At this time of year, Chicagoans can’t resist shopping for vacation deals to the Caribbean Islands. Who can blame us? Arctic blasts, snowzilla, and the grey-sky winter blues. The question is: “Which Caribbean island?” The answer: It depends on what you want to do.

Cane Garden Bay beach in Tortola is one of the most beautiful beaches in the Caribbean Islands. Photo by Jamie Bartosch/Suburban TravelingMom

Cane Garden Bay beach in Tortola is one of the most beautiful beaches in the Caribbean Islands. Photo by Jamie Bartosch/Suburban TravelingMom

Caribbean Islands

Which of the Caribbean Islands is best? I get asked this question a lot by traveling families. My answer is always, “it depends.” It does. Because every family likes different things. My family doesn’t like giant resorts or kids clubs, but I know families who love them.

So it’s really about what you want to do. Just rotate between the beach and pool? Or do you want to explore a culture? Do you want to be in a private place, or a party place?

There really is a lot of variety in the Caribbean. And at least one island (and probably several) will be a good fit for your family.

I haven’t been to every island, but I’ve gotten around. So I feel like I can speak with some authority. While not every Caribbean island is included in this list, I hope it will help with your decision making.

Not Too Expensive: Jamaica and Aruba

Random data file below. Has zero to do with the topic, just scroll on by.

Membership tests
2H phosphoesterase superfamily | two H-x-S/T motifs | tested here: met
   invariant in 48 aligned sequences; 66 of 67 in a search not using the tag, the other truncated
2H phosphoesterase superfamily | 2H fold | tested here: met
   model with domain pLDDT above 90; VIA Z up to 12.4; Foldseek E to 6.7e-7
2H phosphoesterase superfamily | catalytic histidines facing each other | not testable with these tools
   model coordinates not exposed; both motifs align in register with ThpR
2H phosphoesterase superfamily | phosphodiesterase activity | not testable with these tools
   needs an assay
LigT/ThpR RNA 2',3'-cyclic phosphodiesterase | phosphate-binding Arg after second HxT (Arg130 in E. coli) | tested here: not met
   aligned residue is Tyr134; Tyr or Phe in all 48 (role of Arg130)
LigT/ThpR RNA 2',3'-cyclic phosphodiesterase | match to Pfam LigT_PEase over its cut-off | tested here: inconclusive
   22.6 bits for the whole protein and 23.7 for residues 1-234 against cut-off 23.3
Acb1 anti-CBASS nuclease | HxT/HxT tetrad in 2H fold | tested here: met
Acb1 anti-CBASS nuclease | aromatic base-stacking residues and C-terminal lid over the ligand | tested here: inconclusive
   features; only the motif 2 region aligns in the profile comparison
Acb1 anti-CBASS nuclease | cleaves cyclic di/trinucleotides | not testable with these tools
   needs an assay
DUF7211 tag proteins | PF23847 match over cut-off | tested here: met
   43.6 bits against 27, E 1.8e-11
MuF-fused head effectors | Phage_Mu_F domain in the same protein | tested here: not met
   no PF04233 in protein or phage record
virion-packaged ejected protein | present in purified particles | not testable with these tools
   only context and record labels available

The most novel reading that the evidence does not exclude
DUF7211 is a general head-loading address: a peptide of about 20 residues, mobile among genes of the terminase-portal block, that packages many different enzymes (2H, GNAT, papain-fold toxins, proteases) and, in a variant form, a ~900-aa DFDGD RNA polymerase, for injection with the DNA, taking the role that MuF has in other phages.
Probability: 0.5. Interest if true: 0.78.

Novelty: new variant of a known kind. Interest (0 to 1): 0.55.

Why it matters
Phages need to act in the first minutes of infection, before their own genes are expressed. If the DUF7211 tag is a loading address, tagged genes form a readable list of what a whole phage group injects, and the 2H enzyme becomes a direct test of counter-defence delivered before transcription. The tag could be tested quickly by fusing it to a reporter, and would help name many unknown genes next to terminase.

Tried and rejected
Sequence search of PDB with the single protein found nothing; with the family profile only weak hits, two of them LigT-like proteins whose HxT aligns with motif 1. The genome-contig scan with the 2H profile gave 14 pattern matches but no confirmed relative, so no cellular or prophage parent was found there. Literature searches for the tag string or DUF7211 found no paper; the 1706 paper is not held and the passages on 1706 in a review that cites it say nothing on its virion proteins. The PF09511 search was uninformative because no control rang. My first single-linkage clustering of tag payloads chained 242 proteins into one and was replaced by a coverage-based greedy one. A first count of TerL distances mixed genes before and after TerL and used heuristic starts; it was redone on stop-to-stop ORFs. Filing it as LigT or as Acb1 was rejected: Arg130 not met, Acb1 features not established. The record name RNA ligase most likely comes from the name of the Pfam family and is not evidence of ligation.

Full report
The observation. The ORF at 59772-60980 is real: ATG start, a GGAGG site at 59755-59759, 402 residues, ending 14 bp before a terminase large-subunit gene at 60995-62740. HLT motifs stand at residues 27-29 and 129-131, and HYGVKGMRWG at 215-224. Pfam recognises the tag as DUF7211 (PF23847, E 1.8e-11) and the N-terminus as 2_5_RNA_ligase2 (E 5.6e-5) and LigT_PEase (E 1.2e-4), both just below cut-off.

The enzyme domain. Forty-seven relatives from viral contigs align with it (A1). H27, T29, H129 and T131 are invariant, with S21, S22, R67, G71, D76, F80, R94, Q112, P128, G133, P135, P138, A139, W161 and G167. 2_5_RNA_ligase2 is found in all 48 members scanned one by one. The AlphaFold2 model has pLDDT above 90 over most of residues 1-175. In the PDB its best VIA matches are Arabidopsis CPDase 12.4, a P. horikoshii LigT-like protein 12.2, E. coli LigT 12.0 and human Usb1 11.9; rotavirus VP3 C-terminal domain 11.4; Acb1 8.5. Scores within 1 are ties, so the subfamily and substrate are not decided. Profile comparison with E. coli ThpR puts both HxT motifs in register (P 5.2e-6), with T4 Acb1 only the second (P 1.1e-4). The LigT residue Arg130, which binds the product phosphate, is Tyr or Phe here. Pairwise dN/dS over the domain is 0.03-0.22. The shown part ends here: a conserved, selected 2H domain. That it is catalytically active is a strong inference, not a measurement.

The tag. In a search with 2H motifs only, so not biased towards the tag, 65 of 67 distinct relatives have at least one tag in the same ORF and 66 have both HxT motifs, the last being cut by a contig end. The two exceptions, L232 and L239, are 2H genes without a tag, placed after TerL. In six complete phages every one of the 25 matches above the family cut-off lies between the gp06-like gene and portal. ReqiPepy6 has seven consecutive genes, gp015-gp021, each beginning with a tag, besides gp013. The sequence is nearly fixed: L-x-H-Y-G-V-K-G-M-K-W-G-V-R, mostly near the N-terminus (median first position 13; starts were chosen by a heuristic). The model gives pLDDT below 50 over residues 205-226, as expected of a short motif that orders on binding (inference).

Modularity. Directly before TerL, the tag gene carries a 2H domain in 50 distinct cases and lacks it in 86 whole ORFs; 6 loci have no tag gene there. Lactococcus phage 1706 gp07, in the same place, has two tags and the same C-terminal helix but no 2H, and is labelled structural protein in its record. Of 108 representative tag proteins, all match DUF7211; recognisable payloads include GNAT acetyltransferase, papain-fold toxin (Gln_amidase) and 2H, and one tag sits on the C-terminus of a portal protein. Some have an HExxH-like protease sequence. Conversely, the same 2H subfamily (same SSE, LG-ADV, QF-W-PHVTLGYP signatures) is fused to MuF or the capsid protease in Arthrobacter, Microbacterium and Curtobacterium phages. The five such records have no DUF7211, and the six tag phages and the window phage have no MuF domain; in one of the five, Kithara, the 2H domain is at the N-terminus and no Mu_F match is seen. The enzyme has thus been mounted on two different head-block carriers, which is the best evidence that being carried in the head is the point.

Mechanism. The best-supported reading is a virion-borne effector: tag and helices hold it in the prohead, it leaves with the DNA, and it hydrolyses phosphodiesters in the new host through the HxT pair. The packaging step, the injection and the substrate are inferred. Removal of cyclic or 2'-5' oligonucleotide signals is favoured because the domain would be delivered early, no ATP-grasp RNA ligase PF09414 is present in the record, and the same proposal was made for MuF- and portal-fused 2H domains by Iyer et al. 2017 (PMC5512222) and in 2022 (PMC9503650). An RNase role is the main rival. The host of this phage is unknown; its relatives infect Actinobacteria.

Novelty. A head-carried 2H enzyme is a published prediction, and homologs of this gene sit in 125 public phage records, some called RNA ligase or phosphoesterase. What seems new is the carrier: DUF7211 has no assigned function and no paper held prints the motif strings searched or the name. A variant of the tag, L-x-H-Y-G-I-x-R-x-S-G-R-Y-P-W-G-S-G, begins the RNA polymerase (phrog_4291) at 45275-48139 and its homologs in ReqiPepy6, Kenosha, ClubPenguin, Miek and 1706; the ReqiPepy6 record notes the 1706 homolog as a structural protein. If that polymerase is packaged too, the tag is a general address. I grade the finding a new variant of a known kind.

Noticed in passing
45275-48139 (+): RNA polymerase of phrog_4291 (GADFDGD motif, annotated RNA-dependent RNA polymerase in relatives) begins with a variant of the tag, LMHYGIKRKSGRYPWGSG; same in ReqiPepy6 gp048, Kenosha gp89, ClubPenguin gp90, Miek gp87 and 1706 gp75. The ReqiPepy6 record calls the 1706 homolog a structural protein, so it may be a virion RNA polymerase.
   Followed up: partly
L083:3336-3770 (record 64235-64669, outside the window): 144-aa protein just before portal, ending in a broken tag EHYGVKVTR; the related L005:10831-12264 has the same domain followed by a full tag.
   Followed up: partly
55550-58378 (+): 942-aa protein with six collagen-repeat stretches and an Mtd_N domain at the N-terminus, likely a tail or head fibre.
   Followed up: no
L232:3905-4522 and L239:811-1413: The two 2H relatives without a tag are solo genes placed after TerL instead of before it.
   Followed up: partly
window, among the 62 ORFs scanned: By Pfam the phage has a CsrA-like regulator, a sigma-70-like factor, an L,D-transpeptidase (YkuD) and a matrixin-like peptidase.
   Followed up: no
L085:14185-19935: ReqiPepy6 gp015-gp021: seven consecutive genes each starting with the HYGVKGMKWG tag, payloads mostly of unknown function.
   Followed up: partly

One of the best value hotels in the Caribbean is Jewel Runaway Bay Resort in Jamaica. (Read my review here.)

A mid-sized all-inclusive, it includes a new water park, no competition for pool chairs or restaurant reservations, very nice staff, and an adjacent farm with horses that the kids can brush and ride, nighttime laser tag, a teen room with Xbox, and nice pools and beach. It’s in an isolated town, and not super fancy, but it’s comfortable, clean and well worth the money.

Photo by Jamie Bartosch/Suburban TravelingMom Playing beach volleyball at Jewel Runaway Bay Resort in Jamaica.

Photo by Jamie Bartosch/Suburban TravelingMom
Playing beach volleyball at Jewel Runaway Bay Resort in Jamaica.

While parts of Aruba have a wild spring break party vibe, we found a good balance (and good value) at the Aruba Marriott (Read my story about Aruba here). It’s one of those resorts where you don’t need to leave, because everything you need is on-site. Also, I’ve been heard raves about Aruba’s new Phillips Animal Garden, a zoo that’s great for younger children.

If You Like All-Inclusives: Dominican Republic and Riviera Maya

I routinely see great deals to all-inclusives at these places at Costco Travel, TravelZoo.com, amd Booking.com. The creme de la creme of all-inclusives for families are the Beaches Resorts in Jamaica and Turks & Caicos. While on the pricey side, the family activities they offer (a DJ scratch class!) are amazing. Cosmopolitan TravelingMom gave a great rundown of what the resort offers, and what are worthwhile add-ons.

If You Don’t Like Touristy Places: St. Kitts, Tortola and St. John

When I’m on vacation, I don’t want to be with crowds. I don’t want to be near ports where massive cruise ships dock. I want to feel like I’m away. That’s one of the reasons I love these Caribbean Islands. On St. Kitts, I can’t say enough good things about Ottley’s, a property that’s not on the beach, but has a really warm, homey feel to it (plus an awesome restaurant). My review of the hotel is here, and my list of family-friendly things to do in St. Kitts is here.

Tortola and St. John are made up of small hotels and tiny restaurants, and they are that perfect balance of low-key vibe that is more friendly and low-key than touristy. We rented condos during our stays here, which I recommend for families. We’ve had good experiences finding places on vrbo.com.